Today is Independence Day in the United States, the day we celebrate all the freedoms that we enjoy. Our country founded on the belief that the pursuit of happiness was a fundamental right, and that to embark down a path of happiness, we must enjoy certain rights and freedoms.
So strong is our value of freedom that we seek to impose it on the rest of the world.
As I survey the landscape, however, there is a glaring omission in the freedoms we embrace. It is a freedom that is so basic, so essential to a meaningful life, that it never had to be explicitly granted. No laws prohibit it.
And yet, this freedom is restricted by our culture.
The freedom of which I speak is Emotional Freedom: the freedom to feel what you feel, without judgment or labeling.
Emotional Freedom: The Freedom to Feel
Our culture gives great lip service to the value of freedom of speech and freedom of expression, unless that expression centers on our emotions.
When emotions are involved we are taught to keep them inside. We are a culture that is uncomfortable with public displays of emotion; especially if those emotions are not within what we consider to be acceptable emotions.
Stop and consider this phrase: Don’t get so emotional.
You’ve said or heard it before. If you’re a woman, you’ve almost certainly heard it numerous times, because it seems to be the type of advice that is directed toward women more than toward men. Even womens’ magazines, the bastions of the feminine empowerment movement, give this advice. The “skill” of “not getting emotional” is viewed as essential to success and advancement in your carreer, relationships, and life.
This is so ingrained in our culture that it’s become a standard parenting tool as well. I’ve lost track of how many times I’ve heard a parent say this to a child:
“Use your words.”
I’m not a parent, but I wonder: what percentage of the time does that work for you when your child is crying?
What if we have it backwards?
Consider the last time you heard that someone “got so emotional.” Be honest: did you infer a negative meaning from that? We use the word “emotional” when we are referring to “bad” emotions. Emotions that should not be displayed in public.
Have you ever noticed that we don’t tell people who are laughing not to get so emotional?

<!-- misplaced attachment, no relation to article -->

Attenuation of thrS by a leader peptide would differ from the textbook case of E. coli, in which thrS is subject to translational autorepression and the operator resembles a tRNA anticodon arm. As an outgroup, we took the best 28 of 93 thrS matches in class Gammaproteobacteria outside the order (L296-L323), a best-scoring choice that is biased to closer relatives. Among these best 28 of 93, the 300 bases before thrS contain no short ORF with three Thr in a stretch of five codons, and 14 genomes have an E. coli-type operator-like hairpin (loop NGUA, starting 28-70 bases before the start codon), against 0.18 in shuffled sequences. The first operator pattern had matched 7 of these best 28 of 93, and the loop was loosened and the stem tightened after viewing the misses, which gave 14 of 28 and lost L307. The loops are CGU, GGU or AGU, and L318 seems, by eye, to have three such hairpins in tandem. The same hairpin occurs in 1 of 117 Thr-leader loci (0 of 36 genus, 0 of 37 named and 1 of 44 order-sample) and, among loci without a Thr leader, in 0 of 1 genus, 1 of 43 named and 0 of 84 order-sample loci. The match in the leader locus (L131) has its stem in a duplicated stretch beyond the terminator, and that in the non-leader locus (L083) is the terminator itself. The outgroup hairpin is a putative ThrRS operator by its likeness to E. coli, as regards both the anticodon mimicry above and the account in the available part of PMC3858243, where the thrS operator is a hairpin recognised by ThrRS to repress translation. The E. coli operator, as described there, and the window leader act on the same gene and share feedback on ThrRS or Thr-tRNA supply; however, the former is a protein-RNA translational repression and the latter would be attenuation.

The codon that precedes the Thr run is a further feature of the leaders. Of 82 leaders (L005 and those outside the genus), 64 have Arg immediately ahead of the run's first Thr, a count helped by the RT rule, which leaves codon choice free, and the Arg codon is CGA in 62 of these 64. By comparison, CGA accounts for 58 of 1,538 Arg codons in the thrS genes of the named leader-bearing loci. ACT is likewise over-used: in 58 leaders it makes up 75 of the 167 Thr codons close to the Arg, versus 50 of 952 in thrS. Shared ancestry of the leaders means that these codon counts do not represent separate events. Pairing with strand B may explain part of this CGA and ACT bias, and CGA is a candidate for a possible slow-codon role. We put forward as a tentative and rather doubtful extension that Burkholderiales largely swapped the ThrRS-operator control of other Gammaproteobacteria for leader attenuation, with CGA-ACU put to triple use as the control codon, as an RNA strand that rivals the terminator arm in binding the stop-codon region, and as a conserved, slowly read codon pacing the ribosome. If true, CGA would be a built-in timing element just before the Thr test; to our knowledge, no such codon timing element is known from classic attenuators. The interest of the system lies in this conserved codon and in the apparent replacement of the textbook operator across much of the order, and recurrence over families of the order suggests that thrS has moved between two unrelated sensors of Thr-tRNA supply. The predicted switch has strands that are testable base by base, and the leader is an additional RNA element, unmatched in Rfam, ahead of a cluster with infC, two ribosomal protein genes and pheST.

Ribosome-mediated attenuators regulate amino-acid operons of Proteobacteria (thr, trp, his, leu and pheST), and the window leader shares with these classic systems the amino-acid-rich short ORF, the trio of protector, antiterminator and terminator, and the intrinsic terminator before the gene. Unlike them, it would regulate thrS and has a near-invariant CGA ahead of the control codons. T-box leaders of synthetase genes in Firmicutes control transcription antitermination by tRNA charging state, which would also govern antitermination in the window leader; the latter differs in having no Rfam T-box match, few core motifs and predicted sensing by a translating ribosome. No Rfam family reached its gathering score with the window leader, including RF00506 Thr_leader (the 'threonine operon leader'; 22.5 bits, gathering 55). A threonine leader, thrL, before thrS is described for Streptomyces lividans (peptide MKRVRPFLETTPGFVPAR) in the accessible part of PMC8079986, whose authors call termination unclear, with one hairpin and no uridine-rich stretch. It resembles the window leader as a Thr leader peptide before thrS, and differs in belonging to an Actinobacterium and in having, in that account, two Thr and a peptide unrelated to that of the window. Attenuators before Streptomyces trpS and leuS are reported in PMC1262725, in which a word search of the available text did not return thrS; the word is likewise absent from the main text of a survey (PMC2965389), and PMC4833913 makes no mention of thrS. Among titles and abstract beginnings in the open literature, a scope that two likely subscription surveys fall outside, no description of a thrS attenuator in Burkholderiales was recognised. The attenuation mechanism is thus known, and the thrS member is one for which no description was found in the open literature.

No Emotions Are “Bad”
Every emotion has an intelligence to it. But because we are taught that certain emotions are “bad” we stay away from them.
We suppress, often by escaping. Food. Alcohol. Weed. Social media. Television. News. Email. Work. Busy.
Anything to avoid feeling the pain.
How is that working for us?
How free are you when you jump at the sound of the ping, when you pull down to refresh before you get out of the app, when you reach for the phone before you open your eyes?
How free are you when you shapeshift yourself to fit the expectations of others?
What we suppress controls us.
Escape keeps us locked in a prison of suffering. We get caught in the patterns of emotions unfelt and unexpressed.
A prisoner who escapes does so in the pursuit of freedom. But he is never free. He is always looking over his shoulder, wondering when the police will find him.
We must bring awareness to what we feel. Joseph Campbell described awareness as a circle with a horizontal line through it. Below the line is what’s unconscious. To the degree we haven’t contacted what’s below the line, those emotions rule us.
As we shine the light of awareness on what’s below the line our sense of being becomes enlarged. We can work with the emotion, investigating it and being with it. When we open to it, it stops controlling us.
The more we can be aware of what’s there the more we can be responsible to ourselves and others.
Responsible = able to respond. When we can acknowledge the emotion we feel and respond, we don’t have to escape.
This is real freedom.